Friday, March 29, 2013
To clinic founder and physical therapist Bret Paulus, Synergy Rehab and Fitness is in the right place at the right time, and for the right reasons.
He opened the cozy studio and clinic last June, in a newly completed building at the corner of 12th and Pine streets (also home to the new Pine Street Bakery). Since then, clientele has grown steadily, his staff has increased and Budo (a Japanese term for martial art) classes like Aikido, Tai Chi, Jod, Yoga and Ukemi have been added to the clinic’s regular schedule.
For Paulus, a 30-year PT with the last 15 spent at Hood River Physical Therapy, Snyergy’s focus on alternative approaches to rehab and core fitness is a perfect fit for such an active and sports-minded community.
“There are elements of PT that can be fairly boring,” Paulus said. “What sets us apart is that we take the least-ridgid, cookbook approach to rehab and fitness. The five PT clinics in Hood River run the gamut of traditional to progressive; I like to think we are the most progressive.”
Synergy’s philosophy is to blend traditional rehab goals with creative, fun and lifestyle-specific activities and exercises.
“We create real-life simulation drills and exercises to simulate forces and movements that the body is going to be subjected to in people’s individual lifestyles,” Paulus said. “For Gorge athletes, that approach is particularly relevant for getting back into specific sports after an injury.”
Paulus’ treatment mindset is inspired by his personal background in swimming, surfing, windsurfing and telemark skiing. He says these sports embody “core movements,” which are integrated into many of Synergy’s therapy prescriptions.
To supplement the rehab and therapy side of the business, Synergy has added a schedule of regular classes designed to be active enough for anyone, but accommodating enough to be added to a patients’ recovery processes.
Classes include adult and kids’ Aikido — the only of its kind in Hood River — with sensei Neil Lofgren, who brings 15 years of teaching experience to the clinic’s newly named Gorge Budo Raji dojo. The name is in honor of Lofgren’s sensei, Jaff Raji. Lofgren also teaches Jodo, a classical martial art that stemmed from the concept of using a walking stick to defend against an attack from a sword, and Ukemi fitness, which use uses basic movements and concepts from traditional martial arts to help with flexibility, strength, balance and coordination.
The clinic also offers traditional and therapeutic yoga, tai chi yoga, tai chi, personal fitness classes and a blend of strength training and cardio interval workouts called T3 Fitness.
“Our staff is amazing and everyone we have is here for the right reasons,” Paulus said. “We all care deeply about what we do and about helping others live healthy and balanced lives.”
Synergy is located at 1120 Pine Street. For more information or class schedules see synergyrehabfitness.com.
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Parkdale third graders sing "12 Disaster Days of Christmas"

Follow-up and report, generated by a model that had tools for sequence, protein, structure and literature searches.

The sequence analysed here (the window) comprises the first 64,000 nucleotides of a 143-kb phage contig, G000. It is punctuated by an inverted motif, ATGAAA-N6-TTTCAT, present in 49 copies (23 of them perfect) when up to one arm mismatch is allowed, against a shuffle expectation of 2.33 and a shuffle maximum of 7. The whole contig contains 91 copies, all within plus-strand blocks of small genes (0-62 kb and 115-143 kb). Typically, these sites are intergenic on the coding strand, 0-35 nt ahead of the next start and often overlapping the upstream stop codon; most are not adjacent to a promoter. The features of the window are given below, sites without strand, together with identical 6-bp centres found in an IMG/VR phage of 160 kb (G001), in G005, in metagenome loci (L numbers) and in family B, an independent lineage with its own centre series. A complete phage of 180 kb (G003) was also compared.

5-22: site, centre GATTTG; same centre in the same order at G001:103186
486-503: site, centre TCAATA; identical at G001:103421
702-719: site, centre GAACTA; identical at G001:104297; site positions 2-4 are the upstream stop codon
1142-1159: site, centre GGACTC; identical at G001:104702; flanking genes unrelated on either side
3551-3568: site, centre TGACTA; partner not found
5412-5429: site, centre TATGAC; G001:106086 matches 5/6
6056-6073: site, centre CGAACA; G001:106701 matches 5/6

Welcome to your sing-able Christmas gift list. What follows is an emergency rendition of “12 Days of Christmas” – for outfitting your home or car in case of snow storm, earthquake, flood or other emergency. Read it as a simple list, or sing it to the tune of “12 Days” – you know, as in “ … and a partridge in a pear tree…” Not to make light of it, but the song is a familiar framework for a set of gift ideas that you could consider gathering together, even if the recipient already owns items such as a bunch of coats, tire chains and flashlights. Stores throughout the Gorge are stocked up on all these items. Buying all 12 days might be prohibitive, but here are three ideas for checking any of the dozen off your list (notations follow, 1-12.) The gift items needed to stay warm, dry and safe are also coded to suggest items in your abode (A) in your car (C) or both (B). 12 Gallons of Water (A) 11 Family meals (B) 10 Cans of propane (A) 9 Hygiene bags (B) 8 Packs of batteries (A) 7 Spare coats (B) 6 Bright red flares (C) 5 Cozy blankets (B) 4 Tire chains (C) 3 Flashlights (B) 2 cell phone chargers (B) 1 And a crush-proof first aid kit (B) Price ranges? Here’s a few quotes for days Three, Two, Four and Nine: n A family gift of flashlights (three will run $15-30, Hood River Supply, Tum-A-Lum) n Cell phone chargers (two will run $30-60) n Tire chains (basic set, $30, Les Schwab, returnable if unused for the winter) n Family meals ($100 or so should cover the basics for three or four reasonably well-fed days) n The home kit should be kept in a handy place near an exit, and remember that water needs to be replenished every few months. If you have a solid first aid kit already, switch out the gift idea with “and-a-sto-o-u-t- tub-for it-all …” Otherwise, it’s a case of assembling your home or car kits and making sure all members of the family know what the resources are and how to use them (ie flares and propane). Emergency situations are at worst life-threatening, at best deeply uncomfortable if you and your family are left without power for an extended period, or traveling and find yourself in a situation where you need to wait out a storm, lengthy traffic delay, or other crisis. Notes on the 12 gift ideas: 12 – Gallons of water: that’s one per person in a four-member family to last for three days, the recommended minimum to be prepared for utility outages. 11 – Easy-open packaged goods, energy bars, dried food and nuts are good things to include for nutrition. Think of what your family of four needs for three days to stay fortified and hydrated (see number 12). Can-opener also recommended 10 – If you have a propane camping stove, keep extra fuel handy. 9 – Hygiene bags: put packaged moistened towelettes, toilet paper, and plastic ties in large garbage bags (for personal sanitation) Resource list courtesy of Hood River County Emergency Management, Barbara Ayers, manager/ 541-386-1213. The county also reminds residents to Get a Kit, Make A Plan to connect your family if separated, and Stay Informed. See www.co.hood-river.or.us to opt-in for citizen alerts. Enlarge